The Church of Kinshasa received its coadjutor: Bishop Fridolin Ambongo, on Sunday 11 March 2018 in the Cathedral of Notre Dame du Congo. Two of the three Auxiliary Bishops of the Archdiocese have been appointed titular bishops in two dioceses. The Church supported the three major marches organized by the Lay Coordinating Committee to demand the full implementation of the New Sylvester 2016 agreements. The three marches were banned and were violently repressed in the blood with loss of human life. Following the marches, a climate of insecurity had settled in Kinshasa with intimidation of Catholics, arrests of laity, priests and nuns, desecration of places of worship, stigmatization of the Catholic Church… The Cardinal went out several times from his reserve to condemn violence and encourage Christians during times of tension. At the Palm Sunday Mass at the stadium with the young people, he invited them to take responsibility for the crisis in the country. Some Protestant churches have supported the Catholic Church in its initiatives.
The diocese of Kisantu (diocese of insertion of the Philosophât) is in diocesan synod from 2 to 7 April 2018.
Insecurity and crime are on the rise. Weapons are found in some houses. In response, the governor decided on regular closures and more intensive controls, invited the population to denounce gun owners, promised rewards to inform motorcyclists. Motorcyclists are allowed to ride at night provided they report the bandits. The security situation has since calmed down. Poverty is increasing. It’s the struggle for survival. We live day by day. Bars are noticing a drop in consumption.
There is a proliferation of private schools at the expense of Catholic schools. The state refuses to approve new classes and does not pay teachers. The premiums for teachers introduced by the Church are running out of steam due to parents’ lack of capacity.
In higher education, the updated dollar rate is a source of student revolt. For the bishop, January and Februarywere two difficult months. Criticized in his position in relation to the march of December 31, 2017, escorted out of the cathedral, he is far from his people. “I am a traumatized person,” he said. The December 31 and January 21 marches were dispersed and forbidden. The Archdiocese of Bukavu has initiated a prayer chain for peace: each parish has its week of animation in turn.
The CDJP (Diocesan Committee for Justice and Peace) denounces injustices with its flash. He was attacked by the government, accused of provoking the uprising of the population. Tensions arise between the religious and the administration following the collection of property taxes.
The Ruzizi community has experienced more insecurity with the increase in thefts, a burglary at Father Raphaël Lubala’s home and another at Father Emmanuel Lengaigne’s home. As safety measures, a dog has been put on the side of the canoeists and there are plans to plant thorny sisals, put a grid, light at night. The community received the visit of the Superior General who was very open. The Provincial made a week-long visit which went well with many exchanges, including with the Christian community.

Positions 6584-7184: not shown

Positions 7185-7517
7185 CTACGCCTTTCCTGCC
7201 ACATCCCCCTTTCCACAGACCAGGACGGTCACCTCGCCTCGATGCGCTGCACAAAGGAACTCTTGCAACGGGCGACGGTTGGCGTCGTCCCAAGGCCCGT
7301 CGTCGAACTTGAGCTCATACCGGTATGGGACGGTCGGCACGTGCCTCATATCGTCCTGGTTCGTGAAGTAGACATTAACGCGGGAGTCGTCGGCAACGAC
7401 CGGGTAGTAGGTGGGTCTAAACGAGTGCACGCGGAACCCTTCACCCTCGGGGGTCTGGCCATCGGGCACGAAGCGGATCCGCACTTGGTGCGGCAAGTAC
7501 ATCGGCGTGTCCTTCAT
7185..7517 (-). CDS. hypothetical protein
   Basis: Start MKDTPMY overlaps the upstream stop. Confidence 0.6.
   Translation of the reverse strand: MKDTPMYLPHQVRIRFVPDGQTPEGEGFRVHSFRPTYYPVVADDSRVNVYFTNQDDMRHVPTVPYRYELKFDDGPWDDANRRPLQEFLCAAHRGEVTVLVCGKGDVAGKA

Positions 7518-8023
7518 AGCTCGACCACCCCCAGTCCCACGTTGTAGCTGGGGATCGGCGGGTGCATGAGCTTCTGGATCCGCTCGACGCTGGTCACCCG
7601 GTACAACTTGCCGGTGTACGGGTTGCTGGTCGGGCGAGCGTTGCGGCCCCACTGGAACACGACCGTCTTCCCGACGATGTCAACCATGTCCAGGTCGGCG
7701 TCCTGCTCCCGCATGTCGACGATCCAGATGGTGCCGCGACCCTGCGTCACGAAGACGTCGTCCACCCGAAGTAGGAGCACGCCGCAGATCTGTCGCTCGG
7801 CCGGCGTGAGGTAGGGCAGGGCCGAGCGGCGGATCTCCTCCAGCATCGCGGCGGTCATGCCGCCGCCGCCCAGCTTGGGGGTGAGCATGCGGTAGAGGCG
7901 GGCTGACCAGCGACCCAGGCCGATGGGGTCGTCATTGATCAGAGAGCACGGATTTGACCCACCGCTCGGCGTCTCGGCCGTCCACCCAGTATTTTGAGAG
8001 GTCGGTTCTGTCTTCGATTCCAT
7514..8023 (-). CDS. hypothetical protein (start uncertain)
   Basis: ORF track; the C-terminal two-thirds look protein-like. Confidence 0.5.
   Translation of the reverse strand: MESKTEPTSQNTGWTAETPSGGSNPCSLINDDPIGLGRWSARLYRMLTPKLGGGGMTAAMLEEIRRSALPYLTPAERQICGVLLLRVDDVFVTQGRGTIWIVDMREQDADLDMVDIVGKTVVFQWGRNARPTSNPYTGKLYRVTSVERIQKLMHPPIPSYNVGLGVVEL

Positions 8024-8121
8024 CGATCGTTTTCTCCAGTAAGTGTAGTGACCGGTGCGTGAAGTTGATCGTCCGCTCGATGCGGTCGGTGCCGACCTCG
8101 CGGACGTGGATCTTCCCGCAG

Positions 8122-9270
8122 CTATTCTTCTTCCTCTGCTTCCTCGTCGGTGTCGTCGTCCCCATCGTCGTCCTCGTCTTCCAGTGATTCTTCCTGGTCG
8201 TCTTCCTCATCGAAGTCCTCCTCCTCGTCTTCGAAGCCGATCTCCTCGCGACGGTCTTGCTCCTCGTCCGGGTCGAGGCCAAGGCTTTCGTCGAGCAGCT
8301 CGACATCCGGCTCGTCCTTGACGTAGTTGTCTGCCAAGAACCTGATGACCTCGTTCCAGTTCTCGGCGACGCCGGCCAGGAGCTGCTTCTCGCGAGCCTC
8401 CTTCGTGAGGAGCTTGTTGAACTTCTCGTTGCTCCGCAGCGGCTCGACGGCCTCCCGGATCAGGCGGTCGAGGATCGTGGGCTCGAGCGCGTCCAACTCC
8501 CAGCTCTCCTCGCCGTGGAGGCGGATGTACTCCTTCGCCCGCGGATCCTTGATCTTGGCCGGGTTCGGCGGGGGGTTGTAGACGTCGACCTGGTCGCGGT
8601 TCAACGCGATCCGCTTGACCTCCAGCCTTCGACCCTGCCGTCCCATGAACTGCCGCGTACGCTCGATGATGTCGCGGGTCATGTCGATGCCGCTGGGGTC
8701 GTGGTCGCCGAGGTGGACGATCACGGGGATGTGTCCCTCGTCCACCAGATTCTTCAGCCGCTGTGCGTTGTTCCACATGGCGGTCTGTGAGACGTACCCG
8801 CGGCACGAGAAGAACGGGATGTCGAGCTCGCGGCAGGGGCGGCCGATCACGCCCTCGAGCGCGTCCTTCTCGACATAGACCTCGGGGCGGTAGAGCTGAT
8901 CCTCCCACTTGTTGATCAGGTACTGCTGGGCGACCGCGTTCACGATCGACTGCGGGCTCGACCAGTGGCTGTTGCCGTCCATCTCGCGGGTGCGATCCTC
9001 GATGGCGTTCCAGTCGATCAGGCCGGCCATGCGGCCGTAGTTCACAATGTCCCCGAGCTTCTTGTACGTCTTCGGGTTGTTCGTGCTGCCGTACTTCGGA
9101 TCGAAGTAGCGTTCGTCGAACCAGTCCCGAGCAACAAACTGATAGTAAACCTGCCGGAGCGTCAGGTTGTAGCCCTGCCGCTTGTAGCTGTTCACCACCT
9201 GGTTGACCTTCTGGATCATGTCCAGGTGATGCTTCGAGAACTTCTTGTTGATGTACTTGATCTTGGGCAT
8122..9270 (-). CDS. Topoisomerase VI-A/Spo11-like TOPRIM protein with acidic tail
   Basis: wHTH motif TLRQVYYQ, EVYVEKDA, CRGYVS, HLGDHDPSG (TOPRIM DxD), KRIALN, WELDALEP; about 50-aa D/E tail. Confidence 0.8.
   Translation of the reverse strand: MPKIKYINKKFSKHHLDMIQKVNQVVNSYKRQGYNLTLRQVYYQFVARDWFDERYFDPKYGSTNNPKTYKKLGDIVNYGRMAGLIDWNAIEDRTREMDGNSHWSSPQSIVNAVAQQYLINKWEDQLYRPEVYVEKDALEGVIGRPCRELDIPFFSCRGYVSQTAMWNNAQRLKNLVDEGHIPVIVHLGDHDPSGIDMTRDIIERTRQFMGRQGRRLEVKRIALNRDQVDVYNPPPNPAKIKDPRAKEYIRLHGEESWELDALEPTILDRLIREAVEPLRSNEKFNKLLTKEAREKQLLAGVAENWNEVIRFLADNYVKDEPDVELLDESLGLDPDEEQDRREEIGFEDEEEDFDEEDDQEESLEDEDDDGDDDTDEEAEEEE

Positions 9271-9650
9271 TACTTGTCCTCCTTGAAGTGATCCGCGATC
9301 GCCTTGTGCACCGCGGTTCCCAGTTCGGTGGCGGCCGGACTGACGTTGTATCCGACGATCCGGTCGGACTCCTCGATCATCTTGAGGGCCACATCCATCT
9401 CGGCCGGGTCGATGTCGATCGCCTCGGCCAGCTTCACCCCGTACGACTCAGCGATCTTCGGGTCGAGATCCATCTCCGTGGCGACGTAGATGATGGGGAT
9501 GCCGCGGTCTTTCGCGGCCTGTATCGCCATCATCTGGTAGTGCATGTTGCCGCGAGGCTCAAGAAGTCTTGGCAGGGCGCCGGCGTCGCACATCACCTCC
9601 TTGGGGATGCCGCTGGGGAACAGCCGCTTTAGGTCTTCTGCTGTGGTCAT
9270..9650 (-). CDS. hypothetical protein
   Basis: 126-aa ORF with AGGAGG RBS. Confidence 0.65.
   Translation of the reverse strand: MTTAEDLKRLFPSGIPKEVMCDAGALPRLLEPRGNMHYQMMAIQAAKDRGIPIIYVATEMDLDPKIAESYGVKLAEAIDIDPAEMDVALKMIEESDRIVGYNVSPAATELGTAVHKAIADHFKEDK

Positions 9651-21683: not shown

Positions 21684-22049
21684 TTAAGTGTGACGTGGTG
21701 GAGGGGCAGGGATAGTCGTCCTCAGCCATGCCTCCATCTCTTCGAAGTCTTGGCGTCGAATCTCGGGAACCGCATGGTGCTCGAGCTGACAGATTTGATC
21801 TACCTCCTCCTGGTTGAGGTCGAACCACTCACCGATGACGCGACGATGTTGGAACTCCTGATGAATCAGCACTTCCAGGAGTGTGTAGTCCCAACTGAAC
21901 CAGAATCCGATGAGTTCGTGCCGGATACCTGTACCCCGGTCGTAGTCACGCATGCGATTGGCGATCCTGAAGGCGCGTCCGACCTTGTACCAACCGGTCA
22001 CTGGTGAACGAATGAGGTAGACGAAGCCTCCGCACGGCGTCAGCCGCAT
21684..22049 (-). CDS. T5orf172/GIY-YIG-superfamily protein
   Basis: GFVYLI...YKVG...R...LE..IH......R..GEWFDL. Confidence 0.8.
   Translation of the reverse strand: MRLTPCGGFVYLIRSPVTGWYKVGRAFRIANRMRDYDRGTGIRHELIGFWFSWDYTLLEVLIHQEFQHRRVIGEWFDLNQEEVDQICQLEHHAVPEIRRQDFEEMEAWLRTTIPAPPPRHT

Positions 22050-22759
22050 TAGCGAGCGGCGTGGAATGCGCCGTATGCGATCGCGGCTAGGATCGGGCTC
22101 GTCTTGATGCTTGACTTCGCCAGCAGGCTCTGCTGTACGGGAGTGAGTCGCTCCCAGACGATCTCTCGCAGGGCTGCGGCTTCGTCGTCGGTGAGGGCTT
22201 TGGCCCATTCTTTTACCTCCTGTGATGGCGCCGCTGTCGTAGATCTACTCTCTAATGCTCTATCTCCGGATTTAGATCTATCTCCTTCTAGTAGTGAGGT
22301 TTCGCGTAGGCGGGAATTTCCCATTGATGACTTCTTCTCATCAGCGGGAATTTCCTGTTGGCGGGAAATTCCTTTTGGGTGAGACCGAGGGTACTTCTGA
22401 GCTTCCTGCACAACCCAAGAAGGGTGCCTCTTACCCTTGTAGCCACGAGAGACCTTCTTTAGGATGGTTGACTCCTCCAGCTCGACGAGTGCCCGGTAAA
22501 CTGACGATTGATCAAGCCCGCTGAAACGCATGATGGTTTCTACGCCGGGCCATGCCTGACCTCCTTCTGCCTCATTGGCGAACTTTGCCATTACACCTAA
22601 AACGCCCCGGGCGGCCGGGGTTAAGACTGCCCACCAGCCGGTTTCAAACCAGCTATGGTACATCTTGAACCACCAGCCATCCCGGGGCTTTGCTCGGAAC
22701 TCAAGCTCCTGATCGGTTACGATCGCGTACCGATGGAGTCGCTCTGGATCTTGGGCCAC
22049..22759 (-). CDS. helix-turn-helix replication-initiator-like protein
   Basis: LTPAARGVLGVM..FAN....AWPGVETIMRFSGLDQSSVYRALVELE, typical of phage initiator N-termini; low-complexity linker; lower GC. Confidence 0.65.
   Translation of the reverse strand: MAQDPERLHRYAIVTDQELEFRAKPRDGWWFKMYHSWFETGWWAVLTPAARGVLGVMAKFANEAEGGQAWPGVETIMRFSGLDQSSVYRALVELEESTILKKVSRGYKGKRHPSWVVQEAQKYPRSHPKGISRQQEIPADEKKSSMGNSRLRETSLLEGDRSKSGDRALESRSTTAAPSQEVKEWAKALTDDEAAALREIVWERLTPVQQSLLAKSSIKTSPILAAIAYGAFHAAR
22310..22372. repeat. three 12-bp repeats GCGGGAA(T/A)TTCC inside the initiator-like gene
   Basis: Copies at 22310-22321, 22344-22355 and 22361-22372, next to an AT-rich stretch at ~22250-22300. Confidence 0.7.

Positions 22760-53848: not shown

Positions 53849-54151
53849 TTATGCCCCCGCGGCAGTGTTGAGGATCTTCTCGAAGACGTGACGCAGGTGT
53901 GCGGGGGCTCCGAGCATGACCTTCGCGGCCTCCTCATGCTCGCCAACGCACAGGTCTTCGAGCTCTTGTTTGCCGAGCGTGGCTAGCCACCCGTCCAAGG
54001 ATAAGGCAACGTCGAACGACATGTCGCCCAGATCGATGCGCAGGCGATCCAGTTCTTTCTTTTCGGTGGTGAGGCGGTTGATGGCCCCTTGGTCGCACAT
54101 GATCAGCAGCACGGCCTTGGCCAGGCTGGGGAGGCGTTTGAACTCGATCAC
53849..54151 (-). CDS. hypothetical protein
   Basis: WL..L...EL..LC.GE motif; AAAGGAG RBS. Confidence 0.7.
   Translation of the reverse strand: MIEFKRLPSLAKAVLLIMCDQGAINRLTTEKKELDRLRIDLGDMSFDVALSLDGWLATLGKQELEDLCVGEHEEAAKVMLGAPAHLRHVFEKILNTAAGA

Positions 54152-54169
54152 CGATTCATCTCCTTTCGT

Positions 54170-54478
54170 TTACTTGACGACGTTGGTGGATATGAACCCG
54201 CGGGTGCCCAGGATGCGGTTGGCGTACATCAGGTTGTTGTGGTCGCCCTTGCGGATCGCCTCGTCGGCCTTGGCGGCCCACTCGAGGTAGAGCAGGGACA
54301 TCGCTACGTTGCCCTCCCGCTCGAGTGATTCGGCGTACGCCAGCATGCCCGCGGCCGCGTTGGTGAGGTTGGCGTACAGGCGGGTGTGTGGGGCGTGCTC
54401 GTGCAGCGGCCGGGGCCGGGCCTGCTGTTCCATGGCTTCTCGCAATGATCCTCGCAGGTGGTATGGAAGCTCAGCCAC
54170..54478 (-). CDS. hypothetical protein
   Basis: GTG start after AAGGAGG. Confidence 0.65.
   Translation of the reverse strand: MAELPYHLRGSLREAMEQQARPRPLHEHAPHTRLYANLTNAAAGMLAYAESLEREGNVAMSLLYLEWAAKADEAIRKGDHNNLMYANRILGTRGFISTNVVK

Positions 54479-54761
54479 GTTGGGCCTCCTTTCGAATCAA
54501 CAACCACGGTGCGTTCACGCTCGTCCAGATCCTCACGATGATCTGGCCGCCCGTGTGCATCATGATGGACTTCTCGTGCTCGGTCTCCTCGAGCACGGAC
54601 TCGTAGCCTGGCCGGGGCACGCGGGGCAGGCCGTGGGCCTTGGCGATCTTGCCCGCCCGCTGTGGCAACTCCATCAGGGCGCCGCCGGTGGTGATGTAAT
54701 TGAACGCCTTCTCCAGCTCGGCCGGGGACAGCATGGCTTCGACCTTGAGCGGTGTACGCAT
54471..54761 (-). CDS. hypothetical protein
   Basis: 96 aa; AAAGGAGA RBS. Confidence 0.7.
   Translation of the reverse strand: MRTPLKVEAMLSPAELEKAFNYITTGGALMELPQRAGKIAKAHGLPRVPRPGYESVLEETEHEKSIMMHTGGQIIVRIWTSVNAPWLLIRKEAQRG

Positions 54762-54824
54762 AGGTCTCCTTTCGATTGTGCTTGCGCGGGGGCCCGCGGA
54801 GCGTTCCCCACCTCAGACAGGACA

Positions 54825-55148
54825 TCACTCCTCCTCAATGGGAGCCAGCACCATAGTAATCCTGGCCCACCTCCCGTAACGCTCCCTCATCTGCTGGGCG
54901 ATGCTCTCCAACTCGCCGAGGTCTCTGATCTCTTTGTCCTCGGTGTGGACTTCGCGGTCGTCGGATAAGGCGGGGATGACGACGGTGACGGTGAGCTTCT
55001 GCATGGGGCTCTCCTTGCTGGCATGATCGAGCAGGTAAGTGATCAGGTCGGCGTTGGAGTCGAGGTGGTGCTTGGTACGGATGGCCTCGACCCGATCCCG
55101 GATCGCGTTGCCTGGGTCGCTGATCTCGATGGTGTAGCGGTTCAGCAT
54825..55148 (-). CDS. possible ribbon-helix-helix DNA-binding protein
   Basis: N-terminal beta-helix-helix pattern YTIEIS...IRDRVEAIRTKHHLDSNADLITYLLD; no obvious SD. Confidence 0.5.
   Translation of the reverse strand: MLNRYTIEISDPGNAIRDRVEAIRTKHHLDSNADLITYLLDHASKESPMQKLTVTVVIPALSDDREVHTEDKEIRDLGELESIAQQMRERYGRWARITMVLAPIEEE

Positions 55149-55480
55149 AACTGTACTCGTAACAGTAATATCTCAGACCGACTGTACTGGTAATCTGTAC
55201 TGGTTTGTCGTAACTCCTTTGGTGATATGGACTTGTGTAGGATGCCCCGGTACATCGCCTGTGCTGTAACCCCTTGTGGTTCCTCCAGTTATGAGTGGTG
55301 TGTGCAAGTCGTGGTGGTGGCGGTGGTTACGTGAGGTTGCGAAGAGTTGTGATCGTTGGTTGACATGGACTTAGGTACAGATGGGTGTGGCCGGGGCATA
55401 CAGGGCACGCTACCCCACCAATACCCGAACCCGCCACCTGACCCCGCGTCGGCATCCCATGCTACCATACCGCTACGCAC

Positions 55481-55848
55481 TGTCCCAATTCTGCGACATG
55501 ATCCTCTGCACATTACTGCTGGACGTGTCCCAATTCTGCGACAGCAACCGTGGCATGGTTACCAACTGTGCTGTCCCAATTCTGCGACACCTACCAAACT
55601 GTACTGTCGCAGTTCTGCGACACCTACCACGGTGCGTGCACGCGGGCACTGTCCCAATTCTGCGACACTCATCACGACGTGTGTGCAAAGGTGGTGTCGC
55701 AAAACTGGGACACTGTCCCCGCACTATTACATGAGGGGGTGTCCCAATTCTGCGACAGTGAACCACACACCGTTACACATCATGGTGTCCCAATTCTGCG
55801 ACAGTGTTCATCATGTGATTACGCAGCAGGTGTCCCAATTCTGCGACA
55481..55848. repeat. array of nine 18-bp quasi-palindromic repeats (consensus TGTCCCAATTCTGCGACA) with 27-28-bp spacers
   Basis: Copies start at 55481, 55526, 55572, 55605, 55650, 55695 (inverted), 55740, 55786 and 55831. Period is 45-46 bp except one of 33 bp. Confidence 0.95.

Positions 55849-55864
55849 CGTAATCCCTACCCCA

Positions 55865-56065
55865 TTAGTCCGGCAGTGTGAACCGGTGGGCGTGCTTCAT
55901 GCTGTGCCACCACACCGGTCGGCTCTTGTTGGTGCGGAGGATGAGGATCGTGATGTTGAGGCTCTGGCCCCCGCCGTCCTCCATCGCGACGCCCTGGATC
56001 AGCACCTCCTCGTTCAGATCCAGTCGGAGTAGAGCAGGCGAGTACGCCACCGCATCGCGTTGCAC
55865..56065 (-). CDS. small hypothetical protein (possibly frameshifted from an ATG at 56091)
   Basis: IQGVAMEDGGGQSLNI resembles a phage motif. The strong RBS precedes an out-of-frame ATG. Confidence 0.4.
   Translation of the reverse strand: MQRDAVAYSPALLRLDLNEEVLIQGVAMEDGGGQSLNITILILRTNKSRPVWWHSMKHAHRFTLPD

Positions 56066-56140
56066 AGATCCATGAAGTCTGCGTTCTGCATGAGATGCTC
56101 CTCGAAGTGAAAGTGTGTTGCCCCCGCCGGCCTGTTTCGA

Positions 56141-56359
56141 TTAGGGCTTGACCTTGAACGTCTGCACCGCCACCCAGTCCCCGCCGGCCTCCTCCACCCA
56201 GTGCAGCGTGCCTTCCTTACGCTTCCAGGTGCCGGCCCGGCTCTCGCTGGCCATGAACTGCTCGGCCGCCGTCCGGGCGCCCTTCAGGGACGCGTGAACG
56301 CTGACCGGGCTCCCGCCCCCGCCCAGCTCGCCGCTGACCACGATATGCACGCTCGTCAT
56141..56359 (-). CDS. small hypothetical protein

The DGM (General Direction for Migrations) built on the Ruzizi site. A file was prepared with the diocesan lawyer to file a complaint against this occupation of the land by the DGM.
The warlord of the Mayi Mayi Malaika Sheik Assani, led a movement to demand the exploitation of part of the mountain to the company “Maniema Gold”. The FARDC (DRC Armed Forces) were sent and a three-month war followed. The arrival of MONUSCO (United Nations Stabilization Mission in the Congo) has been announced. The government imposes silence in the face of the war in the province. The director of radio OKAPI was arrested because he had spoken about the war in Maniema. Police officers, or even DGM, return to their stations.
The security crisis affected four parishes: Kabambare, Kibangula, Wamaza and Salamabila in Kabambare territory. The populations did not cultivate there following the war. And that caused a food crisis. The diocese of Kasongo is organizing a special quest in all parishes on May 27, 2018 to support these parishes.
Road degradation limits travel. When it rains, the road becomes more and more impassable. This reinforces the economic crisis. The items are very expensive and take a long time to arrive. Security’s not very good. The military presence, which should be a source of consolation and security, becomes a source of fear and insecurity: rape, exaggerated claims of money to passengers, etc.
In Kindu, the new governor is unable to work because he is not of the presidential majority. The province is affected by polio and cholera. Despite the government’s commitment, the population refuses to cooperate in the vaccination of children. Some are convinced that vaccinations kill their children.
On the social level, tribalism is very present: there are many oppositions when a leader is not from a particular ethnic tribe.
The diocese of Kindu welcomed two new priests on February 11, 2018. The diocese of Kasongo celebrated the priestly ordination of Father Marcel on 27 January 2018 in Kibangula when he had just lost a priest, Father Didace Fundi in Kinshasa.
Faced with the tribalism that exists in the diocese, the bishop continues to evangelize the faithful to accept themselves as brothers and sisters through his homilies, his pastoral letters: this is why he proposes as pastoral theme: “Every man is my brother, every woman is my sister”.